Welcome to Merrow Methodist Church
The impact on Worship of the new Lockdown Guidance
Following the Prime Minister's Statement on 31st October, it has been confirmed that new National Restrictions will be brought into effect from the 5th November. Unfortunately as part of these new restrictions, our church will now have to close again for congregational worship.
Under the Government guidelines, we are allowed to remain open for Silent Prayer and therefore we hope to continue our Wednesday morning sessions between 10am and 11am for the foreseeable future.
Currently, the restrictions are due to be reviewed at the beginning of December. We have services of worship planned throughout December and hopefully these will be able to go ahead but of course this will depend on any further guidance both from the Government and the Methodist Church.
It is our understanding that some Zoom Sunday services will continue around the Circuit so please do check both our website and the Circuit website for further details.
Merrow Church is currently open for for Silent Prayer on Wednesdays between 10 and 11am.
Guidance can be found on the following page: Guide to Services
MESSAGE FROM OUR MINISTER - REVD ASIF DAS
Matthew 7: 1 – 5 Admonition against being Judgmental
1“Do not judge, or you too will be judged. 2 For in the same way you judge others, you will be judged, and with the measure you use, it will be measured to you.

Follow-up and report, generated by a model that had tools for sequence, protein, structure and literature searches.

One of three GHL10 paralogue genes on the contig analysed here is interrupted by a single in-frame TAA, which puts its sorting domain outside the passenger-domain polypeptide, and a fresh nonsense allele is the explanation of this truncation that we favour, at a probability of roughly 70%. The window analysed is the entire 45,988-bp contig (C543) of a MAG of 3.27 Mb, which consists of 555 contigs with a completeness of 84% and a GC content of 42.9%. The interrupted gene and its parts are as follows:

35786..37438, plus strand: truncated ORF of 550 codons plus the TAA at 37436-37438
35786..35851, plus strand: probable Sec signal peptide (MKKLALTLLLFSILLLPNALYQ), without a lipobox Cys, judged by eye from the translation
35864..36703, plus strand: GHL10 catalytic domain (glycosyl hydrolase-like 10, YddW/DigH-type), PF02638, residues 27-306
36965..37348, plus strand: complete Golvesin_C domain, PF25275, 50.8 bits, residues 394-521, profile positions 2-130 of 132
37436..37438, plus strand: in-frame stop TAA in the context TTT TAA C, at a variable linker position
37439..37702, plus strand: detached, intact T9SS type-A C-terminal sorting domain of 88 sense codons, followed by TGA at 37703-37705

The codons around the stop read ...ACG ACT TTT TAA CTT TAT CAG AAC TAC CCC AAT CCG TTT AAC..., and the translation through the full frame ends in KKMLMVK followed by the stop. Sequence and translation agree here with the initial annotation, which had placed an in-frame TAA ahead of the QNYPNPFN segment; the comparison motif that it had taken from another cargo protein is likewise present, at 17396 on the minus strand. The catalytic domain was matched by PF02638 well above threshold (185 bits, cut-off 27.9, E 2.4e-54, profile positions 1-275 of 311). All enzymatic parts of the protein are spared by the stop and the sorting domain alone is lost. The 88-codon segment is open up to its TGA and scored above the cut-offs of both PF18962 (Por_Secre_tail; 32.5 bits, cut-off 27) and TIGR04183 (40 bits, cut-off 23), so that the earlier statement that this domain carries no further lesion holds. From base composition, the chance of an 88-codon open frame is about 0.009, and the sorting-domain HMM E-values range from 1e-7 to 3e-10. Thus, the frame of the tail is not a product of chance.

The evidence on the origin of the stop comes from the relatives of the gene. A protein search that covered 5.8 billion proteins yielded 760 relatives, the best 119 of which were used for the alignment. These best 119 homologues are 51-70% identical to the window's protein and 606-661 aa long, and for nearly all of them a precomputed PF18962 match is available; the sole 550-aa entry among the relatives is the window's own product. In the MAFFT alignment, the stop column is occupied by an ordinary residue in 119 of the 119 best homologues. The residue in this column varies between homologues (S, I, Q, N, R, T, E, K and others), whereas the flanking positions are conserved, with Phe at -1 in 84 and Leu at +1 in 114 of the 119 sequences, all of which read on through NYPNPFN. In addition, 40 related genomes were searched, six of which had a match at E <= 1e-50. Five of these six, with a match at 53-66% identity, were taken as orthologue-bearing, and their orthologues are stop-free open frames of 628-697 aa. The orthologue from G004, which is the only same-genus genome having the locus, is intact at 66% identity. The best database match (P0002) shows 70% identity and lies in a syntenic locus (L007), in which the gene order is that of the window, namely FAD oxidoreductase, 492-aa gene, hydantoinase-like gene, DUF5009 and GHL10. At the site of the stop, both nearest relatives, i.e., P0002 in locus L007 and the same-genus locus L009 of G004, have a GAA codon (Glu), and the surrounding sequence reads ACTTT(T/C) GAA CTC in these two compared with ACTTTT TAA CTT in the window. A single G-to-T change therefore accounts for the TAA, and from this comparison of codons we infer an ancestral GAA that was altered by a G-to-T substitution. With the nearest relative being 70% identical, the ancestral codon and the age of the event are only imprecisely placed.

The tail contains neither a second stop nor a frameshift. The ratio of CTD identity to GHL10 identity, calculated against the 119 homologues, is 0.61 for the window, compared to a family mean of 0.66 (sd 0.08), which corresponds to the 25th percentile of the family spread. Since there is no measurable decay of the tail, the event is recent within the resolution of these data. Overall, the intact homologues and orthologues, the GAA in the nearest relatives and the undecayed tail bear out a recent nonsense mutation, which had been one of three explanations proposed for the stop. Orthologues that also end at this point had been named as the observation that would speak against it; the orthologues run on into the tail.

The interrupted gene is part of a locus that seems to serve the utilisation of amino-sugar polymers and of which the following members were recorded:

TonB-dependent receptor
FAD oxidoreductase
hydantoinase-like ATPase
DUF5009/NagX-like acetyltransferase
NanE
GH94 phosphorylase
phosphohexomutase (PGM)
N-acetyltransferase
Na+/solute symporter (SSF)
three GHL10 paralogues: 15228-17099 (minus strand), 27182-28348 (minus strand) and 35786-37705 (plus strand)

3 “Why do you look at the speck of sawdust in your brother’s eye and pay no attention to the plank in your own eye? 4 How can you say to your brother, ‘Let me take the speck out of your eye,’ when all the time there is a plank in your own eye? 5 You hypocrite, first take the plank out of your own eye, and then you will see clearly to remove the speck from your brother’s eye.
In teaching the principles of the divine Kingdom, Jesus touched on several factors that can sour our relationships with others. One of our most prevalent weaknesses is a critical spirit. We are prone to be judgmental because it makes us feel superior to those we presume to judge.
Jesus said that those who love him and follow him are marked by the absence of such a critical spirit. Here he was condemning unfair, hypocritical judgment. He was referring to people who magnified the faults of others while excusing their own shortcomings. They were self-appointed experts in evaluating the motives and conducts of others. Sadly, however, they failed to recognise their own bad habits and behaviour patterns. It is no wonder Jesus censured them.
“Do not judge ....” of course, does not mean that we allow or approve sinful, harmful deeds, for we are called to live by God’s holy moral standards. Jesus wants us to develop strong spiritual discernment so that we will not be led into sin. There is a proper place, then, to speak up against unrighteousness. The challenge for us is to speak the truth in love and bear one another’s burdens at the same time.
Jesus may have been quoting a proverb of his day when he made the statement recorded in Matthew 7:2. If we are guilty of a judgmental spirit, God will be as hard on us as we are on others. In fact, God will use the same standard of evaluation by which we have evaluated others. The only way out of this dilemma is to confess and repent of our sin and leave judging to the Lord, who alone is impartial and upright in his assessments.
Have a blessed week,
Rev. Asif Das.